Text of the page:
Surrey county council pauses new placements at 'inadequate' SEN school

By Local Democracy Reporting Service

19th Sep 2023 | Local News

 Wemms Education Centre in Long Ditton. (Photo: Google Street View)
Wemms Education Centre in Long Ditton. (Photo: Google Street View)

New placements at a school for children with additional needs, the Wemms Education Centre, has been paused by Surrey county council until there is "sufficient evidence of improvement".

Surrey's cabinet member for education confirmed concerns were first raised with the school, since rated "inadequate" by Ofsted, in March.

An inspection carried out in May led to the lowest rating possible for Wemms Education Centre, where inspectors said a "culture of discrimination and inequality" went unaddressed.

They also said pupils at the Long Ditton school "fear reprisals" from some senior staff if they report concerns, in a report published on Tuesday (September 12).

Councillor Clare Curran, Surrey County Council's cabinet member for education and learning, told the LDRS the authority had decided to pause any new placements at Wemms.

This pause would be in place until there was "sufficient evidence of improvement being made through the Ofsted monitoring inspection process", she said.

Cllr Curran also said parents and carers of children and young people currently at the school had been given the option to look for an alternative placement.

In a previous statement to the LDRS, the school's chief executive, Duncan Murphy, said the school had put together a "comprehensive action plan" on the steps being taken to "amplify our strengths and target areas of improvement".

Mr Murphy, who has been in post since September 4, said: "It is no secret that the school challenged some areas of the report; now that it has been published, it is important that we focus on what matters the most – being a school that reflects, learns and ensures that every child has the best possible experience under our tutelage."

Surrey has also written to other local authorities with children placed at the school to "make them aware of the current concerns".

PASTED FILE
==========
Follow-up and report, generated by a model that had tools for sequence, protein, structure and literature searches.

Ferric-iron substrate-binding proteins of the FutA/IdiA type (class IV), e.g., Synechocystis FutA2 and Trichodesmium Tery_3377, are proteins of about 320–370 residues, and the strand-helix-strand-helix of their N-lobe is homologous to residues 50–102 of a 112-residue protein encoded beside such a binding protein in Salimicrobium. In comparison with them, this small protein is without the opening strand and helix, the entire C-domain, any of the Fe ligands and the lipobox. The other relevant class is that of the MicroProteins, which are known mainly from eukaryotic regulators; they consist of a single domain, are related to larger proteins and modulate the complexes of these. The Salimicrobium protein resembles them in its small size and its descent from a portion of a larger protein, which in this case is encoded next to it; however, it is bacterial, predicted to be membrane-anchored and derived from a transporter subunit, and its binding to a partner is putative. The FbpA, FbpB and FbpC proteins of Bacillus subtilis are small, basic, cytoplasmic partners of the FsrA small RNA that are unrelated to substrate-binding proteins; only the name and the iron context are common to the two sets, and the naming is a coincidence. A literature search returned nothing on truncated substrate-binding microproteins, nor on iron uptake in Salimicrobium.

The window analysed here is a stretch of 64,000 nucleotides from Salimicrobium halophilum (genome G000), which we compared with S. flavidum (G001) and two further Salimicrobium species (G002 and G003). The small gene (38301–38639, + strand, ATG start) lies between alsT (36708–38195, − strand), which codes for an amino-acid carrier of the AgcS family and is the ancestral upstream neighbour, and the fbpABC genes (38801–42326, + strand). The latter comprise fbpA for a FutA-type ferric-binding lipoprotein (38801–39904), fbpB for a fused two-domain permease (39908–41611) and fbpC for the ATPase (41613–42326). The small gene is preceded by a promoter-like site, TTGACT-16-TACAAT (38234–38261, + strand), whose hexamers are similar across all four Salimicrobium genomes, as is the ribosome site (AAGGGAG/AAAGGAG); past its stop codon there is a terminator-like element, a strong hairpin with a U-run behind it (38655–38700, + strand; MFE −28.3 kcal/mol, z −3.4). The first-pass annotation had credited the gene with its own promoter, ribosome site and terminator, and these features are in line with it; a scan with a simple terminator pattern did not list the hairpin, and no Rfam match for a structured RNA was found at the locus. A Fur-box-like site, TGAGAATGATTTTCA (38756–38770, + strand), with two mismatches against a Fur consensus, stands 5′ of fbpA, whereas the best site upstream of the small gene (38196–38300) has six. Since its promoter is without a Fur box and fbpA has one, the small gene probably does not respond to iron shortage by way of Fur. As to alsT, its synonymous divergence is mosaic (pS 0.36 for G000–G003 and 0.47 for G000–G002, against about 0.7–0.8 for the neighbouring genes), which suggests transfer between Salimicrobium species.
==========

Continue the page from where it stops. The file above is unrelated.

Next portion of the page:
Cllr Curran added: "We understand the concern this may cause parents and carers, and the impact and disruption this could have on children, so we are offering support with that transition."

The school provides education for children who have been "unable to cope in mainstream education", many with social, emotional and mental health needs.

It was rated inadequate overall and in the areas of behaviour and attitudes, personal development and leadership and management.

Inspectors rated the quality of education at the school and its sixth form provision as "good", and said teachers were clear about what they wanted pupils to learn and how, with curriculum leaders having "expert subject knowledge".

Fees at the independent school are £50,000 per year, but the county council did not respond to a question about how many pupils it had on roll at Wemms, or how much it had spent in the current and previous academic year on placing children there.

The council also did not respond regarding how many complaints had been received about safeguarding or other concerns at the school.

The Department for Education requested that Ofsted inspect the school "as promptly as possible" following complaints from parents.

Cllr Curran said the county council was "committed to working with [Wemms], alongside Ofsted and the Department for Education collectively to ensure that the necessary improvements are made promptly and robustly".

She said the powers available to the county council were "limited" in the case of independent, non-maintained schools but that the council would continue to offer professional support and keep progress under close review.

The cabinet member said: "As a local authority, Surrey County Council is determined to help all of our children and young people attend a school where they can achieve, be happy and are safe.

"This council raised concerns with Wemms Education Centre, an independent special school for children and young people with additional educational needs and disabilities, in March 2023 and in May Ofsted carried out a preliminary inspection which also identified significant concerns regarding leadership and safeguarding."

Mr Murphy said: "We firmly believe that our community can once more be united behind a shared vision of excellence for those pupils who need a school like ours the most.

"It is a source of great regret to us that the essence of this aim has been misplaced since the move to a new site last year, but now is an opportunity to drive improvement and ensure a long and successful future for our school and its community."

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